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Harry Potter Reign Ends?

by Kim on May 14, 2008 · 3 comments

harry potterAfter 10-years at the top of various best-sellers lists, Harry Potter has finally been knocked off. While this story seems newsworthy in that it’s almost like the end of an era, I also think it’s interesting because of the way the Harry Potter phenomenon changed the way The New York Times did their best-sellers lists.

I’m a little late posting about this, I think, but I just heard about it on The New York Times Book Review podcast and also found it mentioned on PaperCuts, The New York Times books blog.

Anyway, the changes… In 2000 the adult best-sellers list was being completely dominated by Harry Potter. Authors, publishers, and readers were getting frustrated that they couldn’t get onto the list, so The New York Times responded by creating new lists. With a fourth book on the way, editors at The New York Times decided to create the children’s best-sellers list. An article about the 2000 decision noted,

The change is largely in response to the expected demand for the fourth in the Harry Potter series of children’s books, editors at the Book Review said.

”The time has come when we need to clear some room” on the list, said Charles McGrath, the editor of the Book Review, which appears weekly in the paper’s Sunday issue.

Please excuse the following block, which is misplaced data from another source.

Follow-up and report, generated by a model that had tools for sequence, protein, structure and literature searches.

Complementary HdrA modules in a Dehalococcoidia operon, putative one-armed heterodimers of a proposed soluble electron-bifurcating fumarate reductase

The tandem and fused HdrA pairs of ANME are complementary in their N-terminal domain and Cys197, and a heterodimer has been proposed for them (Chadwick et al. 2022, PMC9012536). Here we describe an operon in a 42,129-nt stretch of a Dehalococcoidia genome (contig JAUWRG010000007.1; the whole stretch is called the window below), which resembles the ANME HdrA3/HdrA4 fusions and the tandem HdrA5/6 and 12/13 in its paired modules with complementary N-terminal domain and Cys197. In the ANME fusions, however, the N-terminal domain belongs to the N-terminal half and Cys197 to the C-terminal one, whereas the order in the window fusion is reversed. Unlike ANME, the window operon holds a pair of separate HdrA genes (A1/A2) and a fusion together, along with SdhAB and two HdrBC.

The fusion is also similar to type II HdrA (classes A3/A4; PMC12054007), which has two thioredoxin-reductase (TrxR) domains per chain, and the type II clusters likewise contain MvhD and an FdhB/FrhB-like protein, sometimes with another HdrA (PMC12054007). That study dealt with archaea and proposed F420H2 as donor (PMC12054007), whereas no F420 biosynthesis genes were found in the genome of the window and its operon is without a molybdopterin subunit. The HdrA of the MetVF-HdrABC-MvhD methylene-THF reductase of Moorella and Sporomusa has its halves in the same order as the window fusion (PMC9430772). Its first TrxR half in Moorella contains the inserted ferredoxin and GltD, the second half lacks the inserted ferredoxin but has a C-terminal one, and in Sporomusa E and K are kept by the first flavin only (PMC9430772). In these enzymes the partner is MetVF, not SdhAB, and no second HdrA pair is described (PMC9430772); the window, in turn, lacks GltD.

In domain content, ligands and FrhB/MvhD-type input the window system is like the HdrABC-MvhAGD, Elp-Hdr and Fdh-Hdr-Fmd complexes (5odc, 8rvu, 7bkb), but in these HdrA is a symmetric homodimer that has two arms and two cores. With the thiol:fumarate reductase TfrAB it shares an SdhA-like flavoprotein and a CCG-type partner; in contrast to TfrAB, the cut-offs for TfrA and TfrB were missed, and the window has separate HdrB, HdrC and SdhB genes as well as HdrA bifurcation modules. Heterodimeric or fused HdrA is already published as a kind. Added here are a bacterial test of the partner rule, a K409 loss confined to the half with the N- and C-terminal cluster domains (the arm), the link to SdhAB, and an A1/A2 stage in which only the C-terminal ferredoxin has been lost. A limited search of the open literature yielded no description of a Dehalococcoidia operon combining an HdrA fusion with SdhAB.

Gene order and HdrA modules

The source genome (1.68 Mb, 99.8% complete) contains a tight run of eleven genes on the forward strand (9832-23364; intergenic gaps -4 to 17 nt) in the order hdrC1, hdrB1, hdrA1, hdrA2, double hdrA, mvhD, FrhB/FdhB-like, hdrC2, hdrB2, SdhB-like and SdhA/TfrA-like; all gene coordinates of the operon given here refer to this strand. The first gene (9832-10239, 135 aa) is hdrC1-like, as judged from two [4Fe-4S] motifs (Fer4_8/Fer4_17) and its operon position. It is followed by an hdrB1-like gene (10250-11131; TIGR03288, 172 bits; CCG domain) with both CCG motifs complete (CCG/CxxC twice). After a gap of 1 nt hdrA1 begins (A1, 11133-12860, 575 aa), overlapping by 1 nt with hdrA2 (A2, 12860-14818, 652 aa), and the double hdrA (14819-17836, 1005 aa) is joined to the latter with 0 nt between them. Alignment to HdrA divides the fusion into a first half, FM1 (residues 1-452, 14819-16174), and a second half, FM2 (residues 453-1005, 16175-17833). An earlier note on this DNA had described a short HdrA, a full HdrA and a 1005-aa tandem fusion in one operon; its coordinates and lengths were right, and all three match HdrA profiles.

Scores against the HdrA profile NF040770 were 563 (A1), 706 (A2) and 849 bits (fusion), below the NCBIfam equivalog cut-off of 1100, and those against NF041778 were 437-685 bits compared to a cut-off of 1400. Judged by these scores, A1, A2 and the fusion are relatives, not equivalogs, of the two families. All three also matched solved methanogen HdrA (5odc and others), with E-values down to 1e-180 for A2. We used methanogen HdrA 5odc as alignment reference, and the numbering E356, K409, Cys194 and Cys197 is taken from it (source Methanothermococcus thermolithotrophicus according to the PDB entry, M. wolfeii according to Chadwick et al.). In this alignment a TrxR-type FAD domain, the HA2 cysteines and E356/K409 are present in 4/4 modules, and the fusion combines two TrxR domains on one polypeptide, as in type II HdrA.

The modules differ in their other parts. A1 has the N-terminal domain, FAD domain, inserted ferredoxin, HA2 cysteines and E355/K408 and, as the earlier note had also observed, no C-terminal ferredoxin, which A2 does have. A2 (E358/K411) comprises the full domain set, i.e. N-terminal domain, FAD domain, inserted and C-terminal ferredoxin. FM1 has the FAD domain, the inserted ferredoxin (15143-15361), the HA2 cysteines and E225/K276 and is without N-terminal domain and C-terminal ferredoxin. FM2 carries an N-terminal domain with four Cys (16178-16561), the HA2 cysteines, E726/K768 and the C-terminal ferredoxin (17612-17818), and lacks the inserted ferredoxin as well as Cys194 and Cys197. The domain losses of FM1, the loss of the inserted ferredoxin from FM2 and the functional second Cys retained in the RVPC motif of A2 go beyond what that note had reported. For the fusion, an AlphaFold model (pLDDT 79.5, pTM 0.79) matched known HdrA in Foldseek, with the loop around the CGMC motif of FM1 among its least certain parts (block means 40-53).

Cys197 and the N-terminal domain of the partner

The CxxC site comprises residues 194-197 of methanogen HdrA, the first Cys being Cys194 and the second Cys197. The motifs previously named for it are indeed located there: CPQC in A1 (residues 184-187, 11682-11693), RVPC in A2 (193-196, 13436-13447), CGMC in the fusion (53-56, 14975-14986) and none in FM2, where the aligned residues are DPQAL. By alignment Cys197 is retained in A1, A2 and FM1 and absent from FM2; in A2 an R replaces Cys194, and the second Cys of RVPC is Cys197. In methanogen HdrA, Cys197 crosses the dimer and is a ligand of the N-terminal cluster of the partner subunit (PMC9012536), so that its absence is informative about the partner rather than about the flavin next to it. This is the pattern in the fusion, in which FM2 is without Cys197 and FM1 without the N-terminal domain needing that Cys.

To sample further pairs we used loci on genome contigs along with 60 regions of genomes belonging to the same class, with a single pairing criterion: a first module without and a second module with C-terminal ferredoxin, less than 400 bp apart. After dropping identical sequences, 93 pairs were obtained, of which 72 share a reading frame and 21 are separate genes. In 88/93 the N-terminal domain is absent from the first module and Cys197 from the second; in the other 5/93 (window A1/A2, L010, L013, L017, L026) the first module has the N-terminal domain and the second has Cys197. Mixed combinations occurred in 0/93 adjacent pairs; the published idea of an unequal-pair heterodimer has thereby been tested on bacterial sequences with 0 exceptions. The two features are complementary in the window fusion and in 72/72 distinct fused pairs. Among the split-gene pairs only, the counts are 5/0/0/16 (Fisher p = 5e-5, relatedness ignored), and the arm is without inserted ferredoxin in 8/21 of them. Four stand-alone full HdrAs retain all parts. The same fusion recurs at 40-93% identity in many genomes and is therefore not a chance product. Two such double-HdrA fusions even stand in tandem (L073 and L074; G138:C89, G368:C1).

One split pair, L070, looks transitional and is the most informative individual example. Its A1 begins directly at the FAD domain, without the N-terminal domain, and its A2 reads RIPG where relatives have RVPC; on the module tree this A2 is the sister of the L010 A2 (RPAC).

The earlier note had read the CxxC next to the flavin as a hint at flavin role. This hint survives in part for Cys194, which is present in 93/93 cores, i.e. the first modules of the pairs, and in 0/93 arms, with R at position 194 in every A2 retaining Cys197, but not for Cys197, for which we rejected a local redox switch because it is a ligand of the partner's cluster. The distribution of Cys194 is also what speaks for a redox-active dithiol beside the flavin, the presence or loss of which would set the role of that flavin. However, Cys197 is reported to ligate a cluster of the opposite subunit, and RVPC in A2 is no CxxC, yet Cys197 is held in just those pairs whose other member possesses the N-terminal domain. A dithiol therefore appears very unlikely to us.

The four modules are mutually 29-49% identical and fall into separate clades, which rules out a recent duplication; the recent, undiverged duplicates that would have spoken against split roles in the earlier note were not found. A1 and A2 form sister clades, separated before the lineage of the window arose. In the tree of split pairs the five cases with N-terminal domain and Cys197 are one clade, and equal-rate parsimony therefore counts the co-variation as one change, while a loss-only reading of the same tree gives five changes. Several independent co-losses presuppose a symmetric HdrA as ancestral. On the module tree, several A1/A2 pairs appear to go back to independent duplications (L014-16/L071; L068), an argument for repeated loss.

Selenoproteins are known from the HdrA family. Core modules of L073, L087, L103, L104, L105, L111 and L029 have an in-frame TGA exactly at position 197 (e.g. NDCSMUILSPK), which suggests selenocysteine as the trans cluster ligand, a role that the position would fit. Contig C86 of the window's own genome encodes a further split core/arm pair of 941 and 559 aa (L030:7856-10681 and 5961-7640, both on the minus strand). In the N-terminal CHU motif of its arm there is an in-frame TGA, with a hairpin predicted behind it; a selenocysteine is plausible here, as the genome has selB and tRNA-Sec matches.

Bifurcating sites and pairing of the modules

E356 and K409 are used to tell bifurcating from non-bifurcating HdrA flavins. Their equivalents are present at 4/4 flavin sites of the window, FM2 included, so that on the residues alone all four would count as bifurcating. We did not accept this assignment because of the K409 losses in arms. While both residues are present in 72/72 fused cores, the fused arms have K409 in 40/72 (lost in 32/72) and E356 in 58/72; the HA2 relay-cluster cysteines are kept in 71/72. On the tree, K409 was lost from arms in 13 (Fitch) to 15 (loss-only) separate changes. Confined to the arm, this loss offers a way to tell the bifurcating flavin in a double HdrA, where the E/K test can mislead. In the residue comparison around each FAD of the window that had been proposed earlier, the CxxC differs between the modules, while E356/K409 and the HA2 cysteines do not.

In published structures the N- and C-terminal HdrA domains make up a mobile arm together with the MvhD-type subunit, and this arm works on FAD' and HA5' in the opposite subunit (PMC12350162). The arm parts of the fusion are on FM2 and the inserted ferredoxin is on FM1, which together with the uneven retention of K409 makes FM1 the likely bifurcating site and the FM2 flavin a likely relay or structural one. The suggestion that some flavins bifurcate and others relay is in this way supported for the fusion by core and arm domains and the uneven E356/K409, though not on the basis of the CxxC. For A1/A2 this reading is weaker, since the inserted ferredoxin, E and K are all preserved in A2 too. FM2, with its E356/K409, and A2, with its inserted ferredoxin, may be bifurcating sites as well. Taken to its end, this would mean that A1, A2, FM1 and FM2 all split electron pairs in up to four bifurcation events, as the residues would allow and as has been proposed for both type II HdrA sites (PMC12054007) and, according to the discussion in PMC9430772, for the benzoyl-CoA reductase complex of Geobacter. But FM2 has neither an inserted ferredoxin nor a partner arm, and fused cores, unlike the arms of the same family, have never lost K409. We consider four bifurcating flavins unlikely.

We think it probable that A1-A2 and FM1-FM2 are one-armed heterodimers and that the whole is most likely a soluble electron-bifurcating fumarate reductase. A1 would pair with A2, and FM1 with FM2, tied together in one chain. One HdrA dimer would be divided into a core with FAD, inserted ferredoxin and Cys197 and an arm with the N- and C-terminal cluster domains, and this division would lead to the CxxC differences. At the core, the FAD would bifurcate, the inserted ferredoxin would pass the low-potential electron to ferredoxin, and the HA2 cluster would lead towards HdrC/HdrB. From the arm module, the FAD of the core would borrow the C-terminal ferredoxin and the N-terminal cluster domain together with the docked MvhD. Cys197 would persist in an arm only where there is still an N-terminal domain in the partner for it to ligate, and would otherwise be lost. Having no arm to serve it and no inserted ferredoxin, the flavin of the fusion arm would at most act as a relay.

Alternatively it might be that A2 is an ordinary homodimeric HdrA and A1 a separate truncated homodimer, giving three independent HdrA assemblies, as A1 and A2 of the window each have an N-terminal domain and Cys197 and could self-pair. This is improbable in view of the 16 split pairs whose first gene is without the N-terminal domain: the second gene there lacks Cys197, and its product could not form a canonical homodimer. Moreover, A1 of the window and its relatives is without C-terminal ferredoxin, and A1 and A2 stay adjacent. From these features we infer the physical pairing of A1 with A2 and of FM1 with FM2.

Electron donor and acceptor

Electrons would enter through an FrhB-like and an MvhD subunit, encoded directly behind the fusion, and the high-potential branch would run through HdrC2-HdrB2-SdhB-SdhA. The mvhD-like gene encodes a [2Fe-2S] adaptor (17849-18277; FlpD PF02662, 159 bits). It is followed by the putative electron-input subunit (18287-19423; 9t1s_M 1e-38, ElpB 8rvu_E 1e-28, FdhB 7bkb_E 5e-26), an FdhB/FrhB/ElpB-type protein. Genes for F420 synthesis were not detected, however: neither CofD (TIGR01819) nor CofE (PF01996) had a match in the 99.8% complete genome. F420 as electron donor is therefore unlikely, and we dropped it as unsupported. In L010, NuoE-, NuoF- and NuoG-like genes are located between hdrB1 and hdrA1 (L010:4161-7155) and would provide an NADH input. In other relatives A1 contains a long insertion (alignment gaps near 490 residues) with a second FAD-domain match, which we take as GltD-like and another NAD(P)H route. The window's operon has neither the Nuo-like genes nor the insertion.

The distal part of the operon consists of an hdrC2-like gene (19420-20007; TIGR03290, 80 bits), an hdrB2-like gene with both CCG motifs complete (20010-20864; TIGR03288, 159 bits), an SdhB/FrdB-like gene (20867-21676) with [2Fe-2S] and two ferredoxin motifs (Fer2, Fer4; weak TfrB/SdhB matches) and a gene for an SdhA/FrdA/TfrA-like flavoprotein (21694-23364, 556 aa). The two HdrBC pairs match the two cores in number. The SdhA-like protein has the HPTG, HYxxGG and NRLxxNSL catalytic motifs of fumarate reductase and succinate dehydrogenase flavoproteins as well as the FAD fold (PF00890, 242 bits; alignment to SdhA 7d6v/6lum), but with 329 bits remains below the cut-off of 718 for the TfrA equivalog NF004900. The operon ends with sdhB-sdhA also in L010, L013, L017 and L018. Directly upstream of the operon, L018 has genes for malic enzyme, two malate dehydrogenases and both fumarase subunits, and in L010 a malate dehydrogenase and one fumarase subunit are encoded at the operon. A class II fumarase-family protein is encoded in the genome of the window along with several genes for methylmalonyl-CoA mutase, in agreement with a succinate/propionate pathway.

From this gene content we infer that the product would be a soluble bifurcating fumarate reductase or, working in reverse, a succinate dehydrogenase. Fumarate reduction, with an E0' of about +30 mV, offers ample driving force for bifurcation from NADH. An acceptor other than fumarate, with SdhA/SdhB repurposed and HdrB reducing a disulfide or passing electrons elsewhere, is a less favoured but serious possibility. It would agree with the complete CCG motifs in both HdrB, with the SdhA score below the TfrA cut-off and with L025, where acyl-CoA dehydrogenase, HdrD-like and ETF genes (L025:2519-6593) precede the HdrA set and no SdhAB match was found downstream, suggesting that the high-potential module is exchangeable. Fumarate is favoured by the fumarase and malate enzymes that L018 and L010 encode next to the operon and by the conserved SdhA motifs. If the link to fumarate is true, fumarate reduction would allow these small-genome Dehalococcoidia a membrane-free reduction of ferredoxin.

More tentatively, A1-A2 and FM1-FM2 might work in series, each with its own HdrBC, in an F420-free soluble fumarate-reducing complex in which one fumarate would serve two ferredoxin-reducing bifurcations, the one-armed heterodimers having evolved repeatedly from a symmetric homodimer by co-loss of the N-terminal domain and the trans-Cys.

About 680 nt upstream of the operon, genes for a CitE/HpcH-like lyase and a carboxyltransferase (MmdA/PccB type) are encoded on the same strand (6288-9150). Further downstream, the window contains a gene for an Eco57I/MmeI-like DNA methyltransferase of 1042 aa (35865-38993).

Editors said that the idea of adding a children’s list, in addition to the three hardcover lists for fiction, nonfiction, and ”advice, how-to and miscellaneous” and separate lists for paperbacks in those categories, had been under consideration for some time. The new list will mix all categories of children’s books together, fiction and nonfiction, but in the beginning will show only hardcover sales. Like the adult list, the children’s list will have 15 slots.

As it turned out, that change wasn’t enough to take down Harry Potter — the series started to take over the new children’s list. In 2004, The New York Times began the children’s series best-sellers list, which takes all of the books in a given series and counts them as one line item.

In the May 11 issue of the Book Review, Harry Potter doesn’t appear on any of these lists. In total, the Harry Potter series has sold more than 375 million copies and translated into 65 different languages. And, one of the editors on the podcast predicted she would be back on the best-sellers lists when the sixth Harry Potter movie comes out later this year.

{ 3 comments… read them below or add one }

pseudonymblog May 14, 2008 at 11:20 pm

Don’t worry, Harry Potter may have been knocked off the list, but the series will continue to be a hit, for MANY generations to come.

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Becca May 16, 2008 at 2:28 am

Dang! I didn’t realize they had to make all of those changes just for Harry Potter. That book has some serious staying power. Thanks for the links!

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Kim May 18, 2008 at 3:50 pm

pesudonymblog: Yeah, I’m sure Harry Potter will be around for a long time, especially because of the way it can get younger, non-readers into reading something.

Becca: I too was really surprised about all the changes it made to the Book Review — I didn’t know something as recognized as the New York Times Book Review would make changes like that.

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